What subgenres do you read?

I flip around a great deal between the subgenres that I love, and I was curious what you like to read. If you’re so inclined, would you share with me what subgenres you like? Please click all that apply – and thank you!


Random Musings

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  1. 1
    joanne says:

    Before someone comes along to pile grief on your Saturday morning bedhead: F/F Romance should probably be listed.

  2. 2
    Juliana says:

    I’m a little uncertain by Paranormal versus Urban Fantasy, since I’m assuming we’re talking about Romance subgenres?

    I always thought Paranormal was a Romance marketing classification, whereas Urban Fantasy was a SF/Fantasy marketing classification.

    (I’m also assuming SF/Fantasy listed refers to the Romance subgenre, and not the SF/F main genre.)

    …So, I’m not sure. Some clarification? Have I made it unnecessarily complicated for myself?

  3. 3
    Anony Mousse says:

    COuld someone recommend some well-written M/M and F/F novels?

    I’d like to try them, but they’re difficult to find at bookstores and I don’t want to waste my money ordering a DNF from an online store.

  4. 4

    I read regular urban fantasy and regular sci-fi, the stuff that’s shelved in the Sci-Fi section of the bookstore, but I don’t read them (or paranormal) in romance, so I didn’t mark them.  Granted, many of the UF/SF/F books have a romantic element, but they’re not romance-focused, so I don’t count them.  (I read the plain jane subgenres, I guess –  historical, contemporary, romantic suspense!)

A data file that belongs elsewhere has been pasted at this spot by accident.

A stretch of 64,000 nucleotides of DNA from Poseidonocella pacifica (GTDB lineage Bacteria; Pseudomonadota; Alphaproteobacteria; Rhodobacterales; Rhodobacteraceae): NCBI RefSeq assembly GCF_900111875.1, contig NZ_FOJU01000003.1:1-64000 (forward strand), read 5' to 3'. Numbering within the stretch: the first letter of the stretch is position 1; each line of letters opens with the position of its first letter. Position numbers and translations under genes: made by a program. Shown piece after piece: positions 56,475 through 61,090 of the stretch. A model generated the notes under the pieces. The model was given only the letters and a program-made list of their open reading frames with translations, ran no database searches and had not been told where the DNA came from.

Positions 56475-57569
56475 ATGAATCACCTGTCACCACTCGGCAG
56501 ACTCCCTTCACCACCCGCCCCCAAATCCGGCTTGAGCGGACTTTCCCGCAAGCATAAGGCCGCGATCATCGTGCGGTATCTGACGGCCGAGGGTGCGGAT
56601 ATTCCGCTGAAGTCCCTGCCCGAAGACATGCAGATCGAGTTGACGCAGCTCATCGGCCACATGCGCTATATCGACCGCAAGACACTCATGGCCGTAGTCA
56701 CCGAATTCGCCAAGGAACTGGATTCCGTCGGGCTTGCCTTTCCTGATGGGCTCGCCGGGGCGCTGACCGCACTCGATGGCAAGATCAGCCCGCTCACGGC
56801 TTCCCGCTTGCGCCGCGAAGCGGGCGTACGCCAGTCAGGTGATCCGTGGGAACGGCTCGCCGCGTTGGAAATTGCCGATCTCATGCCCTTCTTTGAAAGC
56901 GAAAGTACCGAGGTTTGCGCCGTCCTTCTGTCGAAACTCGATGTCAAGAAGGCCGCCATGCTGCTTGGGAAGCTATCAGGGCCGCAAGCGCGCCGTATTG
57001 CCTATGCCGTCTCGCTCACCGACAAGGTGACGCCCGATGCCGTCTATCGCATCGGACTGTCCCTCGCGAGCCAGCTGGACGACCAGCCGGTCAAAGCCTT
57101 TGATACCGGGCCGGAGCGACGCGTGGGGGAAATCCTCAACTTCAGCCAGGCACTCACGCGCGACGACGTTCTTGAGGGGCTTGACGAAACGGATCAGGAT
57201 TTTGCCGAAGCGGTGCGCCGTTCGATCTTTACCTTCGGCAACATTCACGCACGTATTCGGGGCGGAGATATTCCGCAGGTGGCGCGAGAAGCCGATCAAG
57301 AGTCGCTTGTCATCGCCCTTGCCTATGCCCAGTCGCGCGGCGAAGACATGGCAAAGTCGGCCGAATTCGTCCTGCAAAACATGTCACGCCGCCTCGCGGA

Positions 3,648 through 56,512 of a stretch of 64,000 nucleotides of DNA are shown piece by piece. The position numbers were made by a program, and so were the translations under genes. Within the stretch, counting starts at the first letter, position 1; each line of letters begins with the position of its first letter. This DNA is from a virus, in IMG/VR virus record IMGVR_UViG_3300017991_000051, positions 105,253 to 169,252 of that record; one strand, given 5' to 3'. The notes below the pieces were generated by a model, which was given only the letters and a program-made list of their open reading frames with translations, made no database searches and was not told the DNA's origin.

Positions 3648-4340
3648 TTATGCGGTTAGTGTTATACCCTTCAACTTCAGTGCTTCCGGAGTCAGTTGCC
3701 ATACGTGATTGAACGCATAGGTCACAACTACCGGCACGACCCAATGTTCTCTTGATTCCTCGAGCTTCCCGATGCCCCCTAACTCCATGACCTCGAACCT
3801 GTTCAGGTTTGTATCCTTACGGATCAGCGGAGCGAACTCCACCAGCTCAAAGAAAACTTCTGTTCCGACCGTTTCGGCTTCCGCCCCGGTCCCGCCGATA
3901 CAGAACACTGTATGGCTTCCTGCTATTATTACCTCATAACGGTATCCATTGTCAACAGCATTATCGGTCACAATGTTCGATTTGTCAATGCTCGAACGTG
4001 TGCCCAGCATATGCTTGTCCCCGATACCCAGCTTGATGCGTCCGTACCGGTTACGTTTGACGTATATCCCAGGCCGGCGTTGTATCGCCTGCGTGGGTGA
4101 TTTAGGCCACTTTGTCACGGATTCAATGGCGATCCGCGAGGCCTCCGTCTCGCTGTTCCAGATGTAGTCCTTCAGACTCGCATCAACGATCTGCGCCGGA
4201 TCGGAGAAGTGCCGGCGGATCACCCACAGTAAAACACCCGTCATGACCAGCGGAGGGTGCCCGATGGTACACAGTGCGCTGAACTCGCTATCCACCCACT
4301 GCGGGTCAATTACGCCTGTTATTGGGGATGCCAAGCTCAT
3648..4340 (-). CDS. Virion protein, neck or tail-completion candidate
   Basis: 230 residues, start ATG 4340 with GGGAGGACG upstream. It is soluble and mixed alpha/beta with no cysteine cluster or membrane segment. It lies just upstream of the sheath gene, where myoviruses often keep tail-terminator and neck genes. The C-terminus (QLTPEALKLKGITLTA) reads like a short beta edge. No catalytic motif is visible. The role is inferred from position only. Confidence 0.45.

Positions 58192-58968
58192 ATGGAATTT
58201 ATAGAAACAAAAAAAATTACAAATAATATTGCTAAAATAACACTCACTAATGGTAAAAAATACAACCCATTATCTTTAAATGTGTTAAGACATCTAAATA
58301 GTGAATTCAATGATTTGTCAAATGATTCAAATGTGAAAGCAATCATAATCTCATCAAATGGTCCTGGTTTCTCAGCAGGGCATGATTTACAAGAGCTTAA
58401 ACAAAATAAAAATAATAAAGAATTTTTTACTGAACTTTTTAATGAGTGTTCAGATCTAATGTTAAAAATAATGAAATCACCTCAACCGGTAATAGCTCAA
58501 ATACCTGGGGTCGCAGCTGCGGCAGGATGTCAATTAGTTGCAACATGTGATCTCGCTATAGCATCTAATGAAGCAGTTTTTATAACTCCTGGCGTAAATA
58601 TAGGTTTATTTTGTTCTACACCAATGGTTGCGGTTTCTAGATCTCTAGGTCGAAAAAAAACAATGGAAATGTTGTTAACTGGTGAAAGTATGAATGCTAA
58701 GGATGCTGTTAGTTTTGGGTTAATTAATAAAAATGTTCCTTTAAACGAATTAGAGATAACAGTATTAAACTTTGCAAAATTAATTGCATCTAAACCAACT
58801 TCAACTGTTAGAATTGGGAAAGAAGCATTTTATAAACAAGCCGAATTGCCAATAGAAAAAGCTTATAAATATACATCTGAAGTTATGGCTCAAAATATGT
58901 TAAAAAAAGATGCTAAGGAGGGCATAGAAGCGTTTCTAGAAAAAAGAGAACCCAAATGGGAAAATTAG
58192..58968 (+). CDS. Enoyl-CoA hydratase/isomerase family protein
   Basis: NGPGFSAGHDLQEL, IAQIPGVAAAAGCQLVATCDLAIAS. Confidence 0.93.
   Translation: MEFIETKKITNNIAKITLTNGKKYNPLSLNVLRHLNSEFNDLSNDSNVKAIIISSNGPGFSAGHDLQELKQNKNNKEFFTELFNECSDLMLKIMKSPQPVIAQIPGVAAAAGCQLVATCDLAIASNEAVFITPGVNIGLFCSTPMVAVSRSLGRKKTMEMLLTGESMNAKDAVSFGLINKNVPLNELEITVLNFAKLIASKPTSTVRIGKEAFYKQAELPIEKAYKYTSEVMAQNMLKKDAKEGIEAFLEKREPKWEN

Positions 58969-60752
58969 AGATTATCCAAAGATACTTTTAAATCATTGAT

5. 5
    Nadia says:

    I’m not sure what the official difference is, but in my head I think of Paranormal Romance as including psychics, time travel, ghosts, that sort of thing.  Nora Roberts’ Three Sisters and JAK’s Arcane Society, for example.  When I think UF Romance, I think more vamps, shapeshifters, etc., with lots of ass-kicking involved, like J.R. Ward, Lara Adrian, Showalter’s Alien Huntress, Larissa Ione.

  6. 6
    Lindsay says:

    I pretty much like to bounce around from sub to sub (while trying to avoid “contemporary romance” that is really “chick lit” and also romantic vampires. I used to love them, but now I’m drowning in ‘em). My go-to and always favorite is definitely historical. Particularly ones set in little used time periods.

  7. 7

    I also read Futuristics.